Continue reading "What life is really like in (very expensive) Port Moresby" »


Some advice on getting married young – don’t do it

CouplePAWA KENNY AMBIASI

PORT MORESBY - Family relationships is a hot topic. It bothers me. In the workplace and at home, I frequently think and talk about marriage and family life.

Even at public bus stops and shopping centres or while travelling, I’m always bothered. Honestly, I’m suppressed by thinking too hard on this issue.

This dilemma started after I got married in 2008. In my young life, I did not experience this phenomenon.

All I thought about, talked about and did was dream, wishing I could find out what best the world could offer me.

Sometimes I’d dream I was in a graduation hall receiving double degrees. At other times that I was a mechanical engineer or aircraft engineer. Or maybe in the hangar fixing aircraft engines.

Continue reading "Some advice on getting married young – don’t do it" »


‘Our women in blue face unspeakable difficulties’: Kramer

Kramer and RPNGC
Women police and Bryan Kramer: "I'll make it my business to stamp out gender bias and sexual harassment in the RPNGC"

BRYAN KRAMER MP | Kramer Report | Edited

MADANG – On Thursday I had the privilege to accompany prime minister James Marape and fellow ministers to inspect progress on the Australian government-funded Angau Hospital redevelopment project in Lae.

During the event, members of the Royal PNG Constabulary asked me if it was OK to take to a picture with them.

Under the leadership of Marape-Steven government, and in my capacity as police minister, our women will play a greater role in policing throughout the country.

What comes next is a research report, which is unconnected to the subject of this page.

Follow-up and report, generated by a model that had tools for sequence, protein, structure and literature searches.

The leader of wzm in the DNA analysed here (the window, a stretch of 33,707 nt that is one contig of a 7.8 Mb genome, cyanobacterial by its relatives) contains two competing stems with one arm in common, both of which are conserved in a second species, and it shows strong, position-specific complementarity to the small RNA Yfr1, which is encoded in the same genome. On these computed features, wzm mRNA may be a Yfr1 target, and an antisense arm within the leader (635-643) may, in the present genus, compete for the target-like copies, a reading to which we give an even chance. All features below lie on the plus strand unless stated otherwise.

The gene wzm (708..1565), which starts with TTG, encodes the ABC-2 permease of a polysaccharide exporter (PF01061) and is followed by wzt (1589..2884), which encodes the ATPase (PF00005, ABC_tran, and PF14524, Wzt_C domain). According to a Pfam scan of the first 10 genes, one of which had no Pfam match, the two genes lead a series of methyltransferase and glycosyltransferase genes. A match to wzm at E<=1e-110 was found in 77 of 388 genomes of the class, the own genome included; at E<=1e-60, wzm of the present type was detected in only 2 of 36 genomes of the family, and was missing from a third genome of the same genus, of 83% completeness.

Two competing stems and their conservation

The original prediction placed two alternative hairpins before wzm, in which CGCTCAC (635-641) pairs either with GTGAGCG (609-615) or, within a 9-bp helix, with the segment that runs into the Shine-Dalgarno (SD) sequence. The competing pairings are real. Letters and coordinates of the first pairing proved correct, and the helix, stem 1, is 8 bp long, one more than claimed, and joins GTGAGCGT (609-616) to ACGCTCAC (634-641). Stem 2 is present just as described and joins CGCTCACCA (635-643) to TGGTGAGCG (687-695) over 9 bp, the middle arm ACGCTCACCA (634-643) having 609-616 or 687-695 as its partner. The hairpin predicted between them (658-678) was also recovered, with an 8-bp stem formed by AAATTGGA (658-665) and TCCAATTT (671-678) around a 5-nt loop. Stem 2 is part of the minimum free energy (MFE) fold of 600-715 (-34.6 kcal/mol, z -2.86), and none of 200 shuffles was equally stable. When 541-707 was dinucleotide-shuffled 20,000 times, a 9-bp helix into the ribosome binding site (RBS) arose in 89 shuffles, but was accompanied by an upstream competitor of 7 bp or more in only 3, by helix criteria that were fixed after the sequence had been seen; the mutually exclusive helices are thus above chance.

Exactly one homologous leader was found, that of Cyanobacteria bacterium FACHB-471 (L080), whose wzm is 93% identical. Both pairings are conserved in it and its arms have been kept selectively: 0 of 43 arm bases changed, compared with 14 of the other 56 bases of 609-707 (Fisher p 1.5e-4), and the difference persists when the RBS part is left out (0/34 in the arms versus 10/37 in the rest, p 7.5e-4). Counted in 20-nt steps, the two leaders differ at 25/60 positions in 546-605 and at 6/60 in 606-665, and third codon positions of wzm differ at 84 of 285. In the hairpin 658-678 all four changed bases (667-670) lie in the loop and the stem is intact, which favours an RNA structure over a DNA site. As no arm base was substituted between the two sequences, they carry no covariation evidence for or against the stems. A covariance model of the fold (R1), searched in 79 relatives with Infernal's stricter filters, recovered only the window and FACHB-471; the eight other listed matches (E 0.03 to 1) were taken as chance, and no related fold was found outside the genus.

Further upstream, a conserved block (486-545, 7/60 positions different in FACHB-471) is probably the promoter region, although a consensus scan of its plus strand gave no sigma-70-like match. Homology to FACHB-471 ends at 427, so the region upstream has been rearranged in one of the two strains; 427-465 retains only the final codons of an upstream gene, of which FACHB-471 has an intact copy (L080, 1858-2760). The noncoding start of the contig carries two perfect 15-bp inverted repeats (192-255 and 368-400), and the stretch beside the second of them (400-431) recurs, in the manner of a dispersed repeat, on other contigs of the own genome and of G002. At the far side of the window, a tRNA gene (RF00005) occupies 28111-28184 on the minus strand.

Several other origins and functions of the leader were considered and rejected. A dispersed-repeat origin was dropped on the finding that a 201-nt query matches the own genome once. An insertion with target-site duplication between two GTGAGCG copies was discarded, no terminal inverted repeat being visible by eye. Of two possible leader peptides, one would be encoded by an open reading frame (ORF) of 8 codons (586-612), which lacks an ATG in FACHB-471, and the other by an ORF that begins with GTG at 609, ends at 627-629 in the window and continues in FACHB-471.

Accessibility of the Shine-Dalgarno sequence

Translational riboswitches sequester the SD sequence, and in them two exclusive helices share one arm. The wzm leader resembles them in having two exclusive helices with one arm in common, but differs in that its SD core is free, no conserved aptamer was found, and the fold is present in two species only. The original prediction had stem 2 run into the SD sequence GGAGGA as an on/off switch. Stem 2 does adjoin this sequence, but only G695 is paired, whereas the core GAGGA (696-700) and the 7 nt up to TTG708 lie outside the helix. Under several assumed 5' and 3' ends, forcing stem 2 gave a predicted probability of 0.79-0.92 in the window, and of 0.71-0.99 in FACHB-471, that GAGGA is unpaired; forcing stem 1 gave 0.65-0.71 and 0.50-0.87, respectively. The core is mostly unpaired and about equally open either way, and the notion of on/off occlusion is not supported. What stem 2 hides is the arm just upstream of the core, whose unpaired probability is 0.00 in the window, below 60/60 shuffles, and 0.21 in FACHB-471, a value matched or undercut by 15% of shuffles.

While all members of the force face challenges in serving our country, our women in blue face unspeakable difficulties, not because of their lack of ability or performance but because of discrimination for being a woman.

Continue reading "‘Our women in blue face unspeakable difficulties’: Kramer" »


See who I met at Grand Papua Hotel - & some thoughts I had

Daniel and Keith
Daniel and Keith with copy of Survivor and traditional Enga caps

DANIEL KUMBON

PORT MORESBY – We had quite a lunch at the Grand Papua on Friday.

By ‘we’ I mean Keith Jackson AM, who wrote the Foreword to my latest book ‘Survivor’, his lovely wife Cr Ingrid Jackson, a councillor in the shire of Noosa on Australia’s Sunshine Coast, and their son Ben, a communications specialist working with the Australian aid program in Papua New Guinea.

After we finished, the Jackson family met Hon Wera Mori, commerce minister and member for Chuave in Simbu, where Keith had come as an 18-year old to teach - and has remained a friend of PNG ever since.

Wera and Keith exchanged contact details and spoke for many minutes.

(As it happened Wera had been a student at a school at which Keith’s close friend Murray Bladwell had been principal and Keith was able to put them in touch after 50 years.)

Continue reading "See who I met at Grand Papua Hotel - & some thoughts I had" »


History tells how civilisations can fall suddenly & catastrophically

Collapse-of-civilizationCHRIS OVERLAND

ADELAIDE - I think that the article, ‘UBS loan to PNG government may have breached 15 laws’ attracted no comment from PNG Attitude readers, speaks volumes for the state of mind of ordinary Papua New Guineans.

They are now so used to hearing about the skulduggery, corruption and malfeasance of their political leaders that they no longer react to evidence of even the most egregious bad faith, self-interest or outright criminality.